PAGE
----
Iran police clashed with mourners at a memorial service in Isfahan for dissident cleric Grand Ayatollah Hossein Ali Montazeri, arresting more than 50 and beating women and children, reports said.
Hundreds of police and security force members early morning surrounded the Seyed mosque in Isfahan where the service was to be held and prevented mourners from entering, sparking fierce clashes, opposition websites said.
The mourners were shouting slogans in support of Iran’s opposition Green Movement and police fired tear gas to disperse them, website Rahesabz.net. said.
“Security forces are beating people including women and children with batons, chains and stones,” it said, adding that “so far several have been arrested and many were injured.”
Parlemannews.ir, the website of Iran’s reformist minority faction in parliament, said that “over 50 people, including four reporters, were arrested in clashes.”
The latest crackdown on the opposition comes a day after its major leader Mir Hossein Mousavi was sacked from his post as president of the Academy of Art, which the architect and painter had headed for 10 years.
Montazeri, a fierce critic of the clerical regime he helped create and a vocal backer of the opposition, died aged 87 on Saturday.
His funeral in the holy city of Qom on Monday saw hundreds of thousands of mourners pour onto the streets, effectively turning the ceremony into a massive anti-government protest which ended in clashes between police and mourners.
Wednesday’s memorial service in Isfahan, where Montazeri had many followers, was to be led by prominent reformist cleric Ayatollah Jalaledin Taheri.
Another opposition website, Kaleme.org, said that an unnamed governmental body had ordered the memorial cancelled late Tuesday night and that the mosque doors had been closed and guarded by security forces.
Rahesabz said security forces had also surrounded the house of Ayatollah Taheri in Isfahan.
Montazeri came out in bold support of the opposition when it rejected the re-election of President Mahmoud Ahmadinejad in June and issued blistering statements condemning violence against demonstrators and branding the government “illegitimate.”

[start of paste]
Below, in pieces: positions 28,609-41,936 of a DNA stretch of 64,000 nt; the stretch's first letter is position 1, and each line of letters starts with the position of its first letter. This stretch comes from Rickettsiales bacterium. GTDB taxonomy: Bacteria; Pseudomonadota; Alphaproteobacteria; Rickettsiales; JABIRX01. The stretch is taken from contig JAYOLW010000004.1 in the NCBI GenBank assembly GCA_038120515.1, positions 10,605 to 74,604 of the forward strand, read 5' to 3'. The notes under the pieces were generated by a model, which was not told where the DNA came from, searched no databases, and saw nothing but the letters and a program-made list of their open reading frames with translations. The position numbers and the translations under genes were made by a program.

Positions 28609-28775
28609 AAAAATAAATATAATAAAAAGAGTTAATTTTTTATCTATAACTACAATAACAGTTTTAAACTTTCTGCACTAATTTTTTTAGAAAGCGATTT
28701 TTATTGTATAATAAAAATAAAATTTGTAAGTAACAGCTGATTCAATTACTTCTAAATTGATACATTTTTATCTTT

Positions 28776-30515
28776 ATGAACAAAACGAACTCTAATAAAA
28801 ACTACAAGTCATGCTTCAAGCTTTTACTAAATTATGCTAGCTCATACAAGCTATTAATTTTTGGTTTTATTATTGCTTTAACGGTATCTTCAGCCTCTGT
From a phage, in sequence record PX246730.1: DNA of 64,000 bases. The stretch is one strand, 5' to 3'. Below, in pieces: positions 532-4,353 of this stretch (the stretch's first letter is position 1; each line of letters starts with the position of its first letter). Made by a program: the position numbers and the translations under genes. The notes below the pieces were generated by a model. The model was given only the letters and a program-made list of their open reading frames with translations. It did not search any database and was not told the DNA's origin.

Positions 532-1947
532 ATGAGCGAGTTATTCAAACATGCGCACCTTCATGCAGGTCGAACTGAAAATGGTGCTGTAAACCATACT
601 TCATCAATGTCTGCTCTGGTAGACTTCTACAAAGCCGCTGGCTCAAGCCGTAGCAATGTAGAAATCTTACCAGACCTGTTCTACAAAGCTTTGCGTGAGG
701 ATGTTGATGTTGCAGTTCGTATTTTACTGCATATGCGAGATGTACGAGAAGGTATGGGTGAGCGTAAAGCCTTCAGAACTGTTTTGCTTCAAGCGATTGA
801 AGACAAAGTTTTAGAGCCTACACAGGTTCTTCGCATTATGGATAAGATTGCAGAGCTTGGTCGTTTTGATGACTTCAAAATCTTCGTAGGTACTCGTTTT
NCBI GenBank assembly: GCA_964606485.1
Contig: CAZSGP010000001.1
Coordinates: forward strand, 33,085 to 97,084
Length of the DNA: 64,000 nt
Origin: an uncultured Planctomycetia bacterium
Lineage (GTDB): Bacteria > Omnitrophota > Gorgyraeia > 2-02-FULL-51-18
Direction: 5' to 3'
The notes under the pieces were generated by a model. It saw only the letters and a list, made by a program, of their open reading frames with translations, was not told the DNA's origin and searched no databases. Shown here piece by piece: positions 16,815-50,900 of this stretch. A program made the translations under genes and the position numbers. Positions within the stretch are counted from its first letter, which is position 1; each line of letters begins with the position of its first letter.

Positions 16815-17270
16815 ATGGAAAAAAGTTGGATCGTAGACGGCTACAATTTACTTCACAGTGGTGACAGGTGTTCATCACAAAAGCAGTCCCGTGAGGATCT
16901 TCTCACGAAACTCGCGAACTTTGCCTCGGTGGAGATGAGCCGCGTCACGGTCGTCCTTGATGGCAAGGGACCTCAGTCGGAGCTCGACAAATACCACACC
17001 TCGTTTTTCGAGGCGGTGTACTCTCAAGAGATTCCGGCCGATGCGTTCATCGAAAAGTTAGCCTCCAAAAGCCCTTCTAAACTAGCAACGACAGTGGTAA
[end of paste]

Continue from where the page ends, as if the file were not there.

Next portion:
Once tipped to succeed the founder of the 1979 Islamic revolution, Ayatollah Ruhollah Khomeini, he had long been critical of the concentration of power in the hands of the supreme leader and called for changes to the constitution to limit his authority.
Since his death, another prominent opposition supporter, Grand Ayatollah Yusuf Sanei, has faced pressure from hardliners, according to reformist website Norooznews.ir.
It said that on Monday night around 1,000 members of Iran’s Basij Islamic militia attacked Sanei’s offices in Qom, breaking windows and beating up his staff.
The attack follows speculation that Montazeri’s followers could adopt Sanei as their new “source of emulation.” Both clerics were disfavoured by hardliners.
A group of seminarians in Qom have called on senior clerics to officially declare Sanei incompetent to be a source of emulation, the official IRNA news agency said Wednesday.
“The Green Movement with Mousavi and (opposition leader Mehdi) Karroubi and Sanei’s direct support … explicitly insulted” Khamenei, the seminarians said in a statement.
Many hardliners have also called for Mousavi’s arrest.
Fars news agency reported on Tuesday that Mousavi had been sacked from his position as president of the Academy of Art.
“Members of the Supreme Council of Cultural Revolution dismissed Mir Hossein Mousavi as head of the Academy of Art,” council member Mohammad Mohammadian told the news agency. “Ali Moalem Damghani replaced him.”
Mousavi, a former prime minister, had headed the Academy of Art since its establishment in 1999.
He still holds posts on a top cultural body and an arbitration body, whose members are appointed by the supreme leader.
Mousavi ran for president in June 12 elections which he lost to Ahmadinejad amid claims that the election was rigged, triggering sporadic protests since then.